Examples of structures possible with air stripline: directional coupler (top left), branch-line coupler (top right), coupled-line bandpass filter (bottom left), and hybrid ring power splitter (bottom right)

Air stripline finds its greatest use at microwave frequencies in the C band (4–8 GHz). At these frequencies and below [8] it has the advantage of compactness over waveguide. Air stripline can be used outside the C band, but at the higher Ku band (12–18 GHz) waveguide tends to dominate because of its lower loss. [9]

Waveguide structure that guides waves, typically electromagnetic waves

A waveguide is a structure that guides waves, such as electromagnetic waves or sound, with minimal loss of energy by restricting expansion to one dimension or two. There is a similar effect in water waves constrained within a canal, or guns that have barrels which restrict hot gas expansion to maximize energy transfer to their bullets. Without the physical constraint of a waveguide, wave amplitudes decrease according to the inverse square law as they expand into three dimensional space.

The Ku band is the portion of the electromagnetic spectrum in the microwave range of frequencies from 12 to 18 gigahertz (GHz). The symbol is short for "K-under", because it is the lower part of the original NATO K band, which was split into three bands because of the presence of the atmospheric water vapor resonance peak at 22.24 GHz, (1.35 cm) which made the center unusable for long range transmission. In radar applications, it ranges from 12 to 18 GHz according to the formal definition of radar frequency band nomenclature in IEEE Standard 521-2002.

At microwave frequencies, passive circuits such as filters, power dividers and directional couplers tend to be constructed as distributed-element circuits. These circuits can be constructed using any transmission line format. The coaxial line format commonly used for interconnecting devices has been used for this kind of device construction but is not the most convenient format for manufacturing. Stripline was developed as a better solution for circuit construction and air stripline too fills this role. [10] Air stripline is particularly useful in the C band for creating beam forming networks from these components. [11]

Air stripline can achieve strong indirect coupling in these components more easily than other planar formats. In standard stripline, coupling is usually achieved by running the lines side-by-side for a distance. Coupling between the edges of the lines in this way is relatively weak and is limited by the closest distance the lines can be set together. This limit is governed by the maximum resolution of the printing process and, in power applications, by the electric field strength between the lines. For this reason, stripline parallel coupled lines are used in directional couplers with a coupling factor no more than −10 dB. Power splitters, with their coupling factor −3 dB, use a direct coupling technique. Air stripline makes use of an alternative arrangement, with lines stacked one atop of the other. This broadside coupling is much stronger than edge coupling so the lines do not need to be so close to achieve the same coupling factor. In dielectric supported stripline, this can be achieved by printing the two lines on opposite sides of the dielectric. Broadside coupling can, of course, be achieved in solid dielectric filled stripline as well with buried line techniques, but that requires additional dielectric layers and additional manufacturing processes. Another technique available to air stripline to increase coupling is the use of thick rectangular strips to increase side coupling. This also makes mechanical support easier because the lines are more rigid. [12]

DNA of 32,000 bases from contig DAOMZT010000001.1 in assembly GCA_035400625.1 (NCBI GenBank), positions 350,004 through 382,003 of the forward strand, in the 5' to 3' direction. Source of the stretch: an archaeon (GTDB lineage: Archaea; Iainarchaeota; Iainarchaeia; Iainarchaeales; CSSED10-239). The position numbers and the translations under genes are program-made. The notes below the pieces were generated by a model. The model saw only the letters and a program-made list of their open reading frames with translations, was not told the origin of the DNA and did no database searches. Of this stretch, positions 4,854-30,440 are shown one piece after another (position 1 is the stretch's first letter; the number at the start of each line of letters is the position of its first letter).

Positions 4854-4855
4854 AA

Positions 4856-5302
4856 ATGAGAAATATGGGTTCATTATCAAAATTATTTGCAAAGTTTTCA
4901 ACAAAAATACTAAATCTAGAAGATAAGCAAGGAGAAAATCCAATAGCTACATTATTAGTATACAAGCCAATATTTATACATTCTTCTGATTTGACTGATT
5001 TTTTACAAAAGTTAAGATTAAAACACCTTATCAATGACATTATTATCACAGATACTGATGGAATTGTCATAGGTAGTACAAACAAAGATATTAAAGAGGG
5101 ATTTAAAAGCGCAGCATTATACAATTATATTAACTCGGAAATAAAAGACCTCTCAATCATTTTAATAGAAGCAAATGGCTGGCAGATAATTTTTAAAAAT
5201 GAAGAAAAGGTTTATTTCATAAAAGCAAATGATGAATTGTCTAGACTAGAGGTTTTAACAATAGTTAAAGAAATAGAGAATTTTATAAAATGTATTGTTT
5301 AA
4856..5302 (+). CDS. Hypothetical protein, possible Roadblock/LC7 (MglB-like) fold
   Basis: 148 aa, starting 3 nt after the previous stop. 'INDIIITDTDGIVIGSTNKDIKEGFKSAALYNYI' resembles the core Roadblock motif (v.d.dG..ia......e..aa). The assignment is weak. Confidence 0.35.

History

Stripline was invented by Robert M Barrett of the US Air Force Cambridge Research Center in the early 1950s. Air stripline under the registered mark Stripline was first manufactured commercially by Airborne Instruments Laboratory (AIL) in the form of suspended stripline. However, stripline has since become a generic term for that structure with any dielectric. The unadorned term stripline would now likely be assumed to mean stripline with a solid dielectric. Early on, stripline was the planar technology of choice, but has now been superseded by microstrip for most general purpose applications, especially mass-produced items. [13]

Related Research Articles

Transmission line specialized cable or other structure designed to carry alternating current of radio frequency

In radio-frequency engineering, a transmission line is a specialized cable or other structure designed to conduct alternating current of radio frequency, that is, currents with a frequency high enough that their wave nature must be taken into account. Transmission lines are used for purposes such as connecting radio transmitters and receivers with their antennas, distributing cable television signals, trunklines routing calls between telephone switching centres, computer network connections and high speed computer data buses.

Resonator Device or system that exhibits resonance